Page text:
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On Women's Issues, Bush Going Backward
Published on Monday, November 1, 2004 by St. Paul Pioneer Press / Minnesota
On Women's Issues, Bush Going Backward
by Carol Towarnicky
 
In the third debate, George W. Bush and John Kerry were asked what they had learned from their wives and daughters. Both candidates' responses — about how their women made them honest, told them to stand up straight, yadda yadda yadda — made this particular wife and mother want to hurl.

I just don't care. What matters to me is what a president's administration will do to protect women's lives. I mean, Bill Clinton was a lousy husband (to put it mildly), but his administration marked real progress and protection for women.

About the only women George W. Bush supports are those in the ultra-conservative Independent Women's Forum (including Lynne Cheney) who recently were handed part of a $10 million grant to train Iraqi women for their January elections. As the National Organization for Women put it, "Think Halliburton in a Skirt."

To give you an idea of where these ladies stand, they opposed the U.N. Convention on the Elimination of All Forms of Discrimination against Women — not only because the convention supports reproductive rights (heaven forfend!), but because it advances such radical feminist ideas as equal pay for equal work, maternity leave with pay and child-care facilities for working mothers.

While I have nothing but goodwill for our Iraqi sisters and their January election, we American women have our own election coming up in a couple of days — and our choice couldn't be clearer: The Bush administration has stealthily rolled back many of the gains for which women have fought for decades. It must be replaced with one led by John Kerry who, throughout his career, has championed the cause of women. Some examples:

The Bush administration has reduced enforcement of Title IX, the law that protects equal opportunity for women and girls in education, including sports. Kerry has pledged to defend it.

Gone from the Labor Department is the Equal Pay Initiative, which enforced laws against discriminatory practices in the workplace. The Department of Justice has reduced enforcement of laws against gender discrimination and sexual harassment.

For the 4.5 million women earning the $5.15 minimum wage — and the millions more earning slightly more — the real value of their income is worth less than when it was raised in 1996. Kerry wants to increase the minimum wage to $7. Bush proposed a raise of a buck an hour — but only if the states could opt out. That is, another sham.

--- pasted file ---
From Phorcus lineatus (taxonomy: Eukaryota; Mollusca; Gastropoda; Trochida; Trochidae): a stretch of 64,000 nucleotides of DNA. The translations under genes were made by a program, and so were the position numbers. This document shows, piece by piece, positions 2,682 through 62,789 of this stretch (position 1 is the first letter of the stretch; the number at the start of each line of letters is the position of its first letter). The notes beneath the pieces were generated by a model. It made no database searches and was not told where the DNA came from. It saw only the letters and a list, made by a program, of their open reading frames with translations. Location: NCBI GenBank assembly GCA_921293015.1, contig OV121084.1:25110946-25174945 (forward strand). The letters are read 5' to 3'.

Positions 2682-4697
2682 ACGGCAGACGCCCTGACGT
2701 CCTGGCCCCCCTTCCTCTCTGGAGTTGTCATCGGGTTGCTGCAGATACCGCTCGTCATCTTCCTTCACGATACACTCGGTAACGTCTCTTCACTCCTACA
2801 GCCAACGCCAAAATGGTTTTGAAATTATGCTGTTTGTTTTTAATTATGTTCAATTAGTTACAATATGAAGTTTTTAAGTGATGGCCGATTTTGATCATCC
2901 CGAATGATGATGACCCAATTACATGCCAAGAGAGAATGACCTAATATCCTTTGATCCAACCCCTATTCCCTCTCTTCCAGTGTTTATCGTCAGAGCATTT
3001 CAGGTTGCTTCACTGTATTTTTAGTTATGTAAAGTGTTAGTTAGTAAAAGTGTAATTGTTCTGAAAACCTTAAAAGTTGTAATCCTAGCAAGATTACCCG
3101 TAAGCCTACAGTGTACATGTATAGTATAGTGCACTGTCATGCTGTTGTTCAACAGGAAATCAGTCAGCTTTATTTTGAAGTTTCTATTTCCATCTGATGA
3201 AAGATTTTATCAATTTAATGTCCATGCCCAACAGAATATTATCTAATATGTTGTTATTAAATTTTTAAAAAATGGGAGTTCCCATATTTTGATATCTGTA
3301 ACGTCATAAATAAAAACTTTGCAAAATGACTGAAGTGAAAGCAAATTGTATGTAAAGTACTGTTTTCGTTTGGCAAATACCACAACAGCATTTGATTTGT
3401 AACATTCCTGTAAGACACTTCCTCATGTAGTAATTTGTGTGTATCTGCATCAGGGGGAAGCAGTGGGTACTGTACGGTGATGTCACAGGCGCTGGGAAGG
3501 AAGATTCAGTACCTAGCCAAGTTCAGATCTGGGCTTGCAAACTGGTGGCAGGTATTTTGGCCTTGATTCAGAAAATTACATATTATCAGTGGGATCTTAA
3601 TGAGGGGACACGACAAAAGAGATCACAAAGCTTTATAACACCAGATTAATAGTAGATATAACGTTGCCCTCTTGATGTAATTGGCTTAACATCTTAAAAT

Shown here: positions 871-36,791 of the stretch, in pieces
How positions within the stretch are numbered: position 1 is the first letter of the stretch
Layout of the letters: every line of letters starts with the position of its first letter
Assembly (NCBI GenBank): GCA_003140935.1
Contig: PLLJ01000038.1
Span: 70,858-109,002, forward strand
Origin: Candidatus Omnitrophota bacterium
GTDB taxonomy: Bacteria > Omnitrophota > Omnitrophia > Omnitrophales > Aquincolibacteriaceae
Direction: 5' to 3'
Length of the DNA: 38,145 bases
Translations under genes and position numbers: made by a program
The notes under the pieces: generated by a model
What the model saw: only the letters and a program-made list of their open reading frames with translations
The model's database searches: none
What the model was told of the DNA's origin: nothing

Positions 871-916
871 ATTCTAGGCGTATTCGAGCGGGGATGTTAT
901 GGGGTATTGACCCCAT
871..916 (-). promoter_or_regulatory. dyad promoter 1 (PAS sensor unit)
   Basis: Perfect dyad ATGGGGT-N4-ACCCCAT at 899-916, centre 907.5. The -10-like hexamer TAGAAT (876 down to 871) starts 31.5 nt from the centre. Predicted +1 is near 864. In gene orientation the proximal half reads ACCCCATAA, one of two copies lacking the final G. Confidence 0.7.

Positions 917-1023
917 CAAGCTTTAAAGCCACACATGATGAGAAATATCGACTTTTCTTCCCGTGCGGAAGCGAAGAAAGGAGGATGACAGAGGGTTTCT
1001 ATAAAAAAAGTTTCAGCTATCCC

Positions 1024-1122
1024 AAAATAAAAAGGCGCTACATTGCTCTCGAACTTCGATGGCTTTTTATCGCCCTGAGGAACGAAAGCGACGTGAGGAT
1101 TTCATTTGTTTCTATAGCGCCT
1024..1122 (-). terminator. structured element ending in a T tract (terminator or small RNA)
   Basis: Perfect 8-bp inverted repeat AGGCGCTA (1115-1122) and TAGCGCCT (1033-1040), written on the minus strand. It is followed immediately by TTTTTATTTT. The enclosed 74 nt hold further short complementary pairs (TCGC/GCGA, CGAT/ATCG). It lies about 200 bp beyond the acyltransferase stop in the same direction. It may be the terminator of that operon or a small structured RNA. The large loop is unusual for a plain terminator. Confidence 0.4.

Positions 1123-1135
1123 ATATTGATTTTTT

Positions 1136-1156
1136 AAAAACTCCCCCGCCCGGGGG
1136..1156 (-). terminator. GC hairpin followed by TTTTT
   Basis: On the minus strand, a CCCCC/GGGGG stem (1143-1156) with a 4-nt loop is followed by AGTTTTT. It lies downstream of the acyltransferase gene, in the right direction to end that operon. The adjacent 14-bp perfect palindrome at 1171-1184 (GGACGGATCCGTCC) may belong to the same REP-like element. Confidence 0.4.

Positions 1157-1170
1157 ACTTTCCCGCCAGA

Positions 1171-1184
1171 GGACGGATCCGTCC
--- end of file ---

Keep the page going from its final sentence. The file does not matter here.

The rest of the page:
The Bush administration has cut 500,000 kids from after-school programs and plans to cut 300,000 children from child care by 2009. Bush has no plan to increase health insurance coverage for kids. By stark contrast, Kerry plans to expand after-school programs to include 3.5 million kids. His health care plan will cover all kids younger than 18.

Bush's plan to privatize — or whatever he calls it — Social Security will drastically reduce benefits. Social Security is the only source of retirement income for 26 percent of unmarried elderly women.

John Ashcroft's Justice Department has not properly enforced the Women Against Violence Act and has appointed women from the aforementioned Independent Women's Forum — who sneer at so-called "victim politics" and downplay the incidence of rapes and domestic violence — to his Advisory Committee on Violence Against Women.

The recent illness of Supreme Court Chief Justice William Rehnquist reminds us that the next president will have the opportunity to set the direction of the court, not only for the next four years but for decades. Kerry has said he will nominate justices who will protect reproductive rights. Overturning Roe v. Wade clearly is high on the Bush agenda. If that happens, women in 30 or more states could lose their rights to choose abortion. Soon to follow: the right to choose contraception.

If these facts come as a surprise, there's good reason. As the National Council for Research on Women documented last spring, information about women has gone missing from government Web sites, including 25 reports from the U.S. Department of Labor's Women's Bureau. Apparently, Bush & Co. believe that if they stop publishing the data, the discrimination will be invisible.

Notice how the titles for Bush's programs mean exactly the opposite? The "Clear Skies Initiative" makes it easier to pollute. "No Child Left Behind" actually leaves many children behind.

Add to that: "W. is for Women."

Towarnicky is chief editorial writer for the Philadelphia Daily News

© 2004 St. Paul Pioneer Press

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